Despite receiving second billing in the title, Kong is really the central monster character here, much like he was in the previous movie. He is portrayed as a highly intelligent and basically good-natured creature—though he doesn’t take crap from anyone and can back up his attitude with impressive fighting skills. That doesn’t mean Godzilla is sidelined—he maintains a significant presence throughout the movie and has his own storyline in which he undergoes a physical transformation. Godzilla’s portrayal is consistent with the previous films in the Legendary series—he’s basically a force of nature, an apex predator beyond good and evil who strides the world as if it belongs to him and has no interest in humanity whatsoever. The destruction he causes is not intentional, nor out of malice—he just smashes things that stand in his way.

The human characters are not even that deep and well developed. All of the actors are fine, but their parts are fairly thin and the bulk of their dialogue is expository at best. Hotlee and Henry are particularly good, and Stevens brings some charm, but his presence raises a question: Unless the filmmakers felt an overwhelming need to include a guy with an Australian accent, why didn’t they just bring back Dr. Nathan Lind, played by Alexander Skarsgård in Godzilla vs. Kong? He’s basically the same character as Trapper and could have easily served the same function in the story. Still, there is a bit of a character arc centering on the relationship between Ilene and Jia that should tug at the heartstrings of even the most jaded viewer.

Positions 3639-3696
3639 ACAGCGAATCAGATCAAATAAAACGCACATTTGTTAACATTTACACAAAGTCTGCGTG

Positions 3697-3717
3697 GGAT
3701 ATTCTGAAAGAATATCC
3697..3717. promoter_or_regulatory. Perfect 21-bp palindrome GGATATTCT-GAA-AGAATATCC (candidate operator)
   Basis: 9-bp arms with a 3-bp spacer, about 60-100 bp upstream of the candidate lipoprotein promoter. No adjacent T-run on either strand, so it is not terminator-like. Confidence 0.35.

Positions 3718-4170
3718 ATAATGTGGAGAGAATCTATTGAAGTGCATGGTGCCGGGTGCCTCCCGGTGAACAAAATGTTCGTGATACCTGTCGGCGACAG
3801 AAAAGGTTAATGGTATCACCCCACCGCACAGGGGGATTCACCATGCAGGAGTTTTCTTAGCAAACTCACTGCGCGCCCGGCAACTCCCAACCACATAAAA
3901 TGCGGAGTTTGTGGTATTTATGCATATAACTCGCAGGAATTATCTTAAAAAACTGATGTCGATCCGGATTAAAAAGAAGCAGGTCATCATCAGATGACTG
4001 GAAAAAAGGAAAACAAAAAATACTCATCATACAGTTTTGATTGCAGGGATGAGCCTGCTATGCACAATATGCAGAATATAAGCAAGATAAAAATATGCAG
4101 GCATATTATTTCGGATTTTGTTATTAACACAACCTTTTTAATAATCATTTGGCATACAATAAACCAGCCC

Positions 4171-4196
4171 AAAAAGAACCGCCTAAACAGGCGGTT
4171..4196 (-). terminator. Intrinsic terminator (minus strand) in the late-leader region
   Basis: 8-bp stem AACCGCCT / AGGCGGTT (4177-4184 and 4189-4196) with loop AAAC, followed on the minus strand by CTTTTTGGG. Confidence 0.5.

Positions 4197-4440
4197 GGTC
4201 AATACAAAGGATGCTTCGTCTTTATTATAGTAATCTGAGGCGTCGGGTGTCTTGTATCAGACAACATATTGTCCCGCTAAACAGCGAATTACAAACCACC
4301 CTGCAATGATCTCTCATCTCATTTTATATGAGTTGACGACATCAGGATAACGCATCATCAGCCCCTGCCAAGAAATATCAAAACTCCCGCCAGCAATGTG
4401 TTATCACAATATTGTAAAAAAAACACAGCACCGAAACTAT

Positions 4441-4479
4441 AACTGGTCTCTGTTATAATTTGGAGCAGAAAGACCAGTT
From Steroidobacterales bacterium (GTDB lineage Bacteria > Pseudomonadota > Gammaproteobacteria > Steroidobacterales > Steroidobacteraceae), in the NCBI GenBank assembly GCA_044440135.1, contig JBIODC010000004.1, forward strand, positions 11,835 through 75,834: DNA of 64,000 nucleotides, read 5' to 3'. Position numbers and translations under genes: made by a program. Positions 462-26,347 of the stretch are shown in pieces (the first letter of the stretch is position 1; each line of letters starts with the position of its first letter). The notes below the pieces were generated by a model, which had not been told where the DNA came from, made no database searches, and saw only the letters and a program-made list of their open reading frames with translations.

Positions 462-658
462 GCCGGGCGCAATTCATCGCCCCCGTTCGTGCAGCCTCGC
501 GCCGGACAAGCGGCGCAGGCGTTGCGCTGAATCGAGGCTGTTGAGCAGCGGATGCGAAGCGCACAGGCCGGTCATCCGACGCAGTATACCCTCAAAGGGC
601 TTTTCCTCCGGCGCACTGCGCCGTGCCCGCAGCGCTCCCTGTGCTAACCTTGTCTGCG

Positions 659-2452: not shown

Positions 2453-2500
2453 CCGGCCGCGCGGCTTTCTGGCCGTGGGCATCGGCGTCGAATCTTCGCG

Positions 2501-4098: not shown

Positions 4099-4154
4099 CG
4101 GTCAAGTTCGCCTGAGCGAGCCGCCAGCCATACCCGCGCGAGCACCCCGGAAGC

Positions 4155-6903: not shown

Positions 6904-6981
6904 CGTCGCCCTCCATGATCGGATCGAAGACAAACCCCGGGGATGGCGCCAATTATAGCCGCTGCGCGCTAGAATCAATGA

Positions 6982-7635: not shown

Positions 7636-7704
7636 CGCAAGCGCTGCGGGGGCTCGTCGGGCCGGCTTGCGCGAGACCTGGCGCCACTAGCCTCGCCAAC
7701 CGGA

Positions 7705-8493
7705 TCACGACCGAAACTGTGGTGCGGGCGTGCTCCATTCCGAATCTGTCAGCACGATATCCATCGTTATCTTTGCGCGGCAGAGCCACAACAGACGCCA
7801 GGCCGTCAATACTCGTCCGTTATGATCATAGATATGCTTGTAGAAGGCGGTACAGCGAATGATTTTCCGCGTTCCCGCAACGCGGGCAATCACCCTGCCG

Picking up on a variety of plot elements and concepts introduced in most of the previous “Monsterverse” films, Godzilla x Kong: The New Empire has an over-the-top, everything-but-the-kitchen-sink quality to it that signals to viewers that they should just go along for the ride. And that ride is supported by lush, elaborate special effects that bring the oversized beasts to life and put them against and alongside each other in exciting combat scenes set in locales including Rome, Cairo, and Rio de Janeiro—disappointingly, they never make it to New York City, which would provide a perfect backdrop for monster mayhem of this magnitude.

Godzilla x Kong: The New Empire is not going to make anyone forget Godzilla Minus One. It takes the opposite approach, having no major theme at its core, other than the power of family, and no big statement or underlying message to deliver, other than to have a good time. As big as Godzilla is, there’s still enough room for multiple takes on him to coexist, so worship at the church of your choice.


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Buy tickets HERE for GODZILLA X KONG


SPOILER ALERT: Monster fans, see the film’s Japanese-release trailer below for a major Easter egg. Otherwise, do not watch




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Glenn Greenberg is an award-winning editor, journalist, pop-culture historian, and author with an MFA in Creative Writing. His work spans both fiction and nonfiction and has been published by a variety of top companies including Simon & Schuster, Time Inc., NBC Universal, A360, Marvel Comics, DC Comics, IDW Publishing, TwoMorrows Publishing, and Scholastic Inc.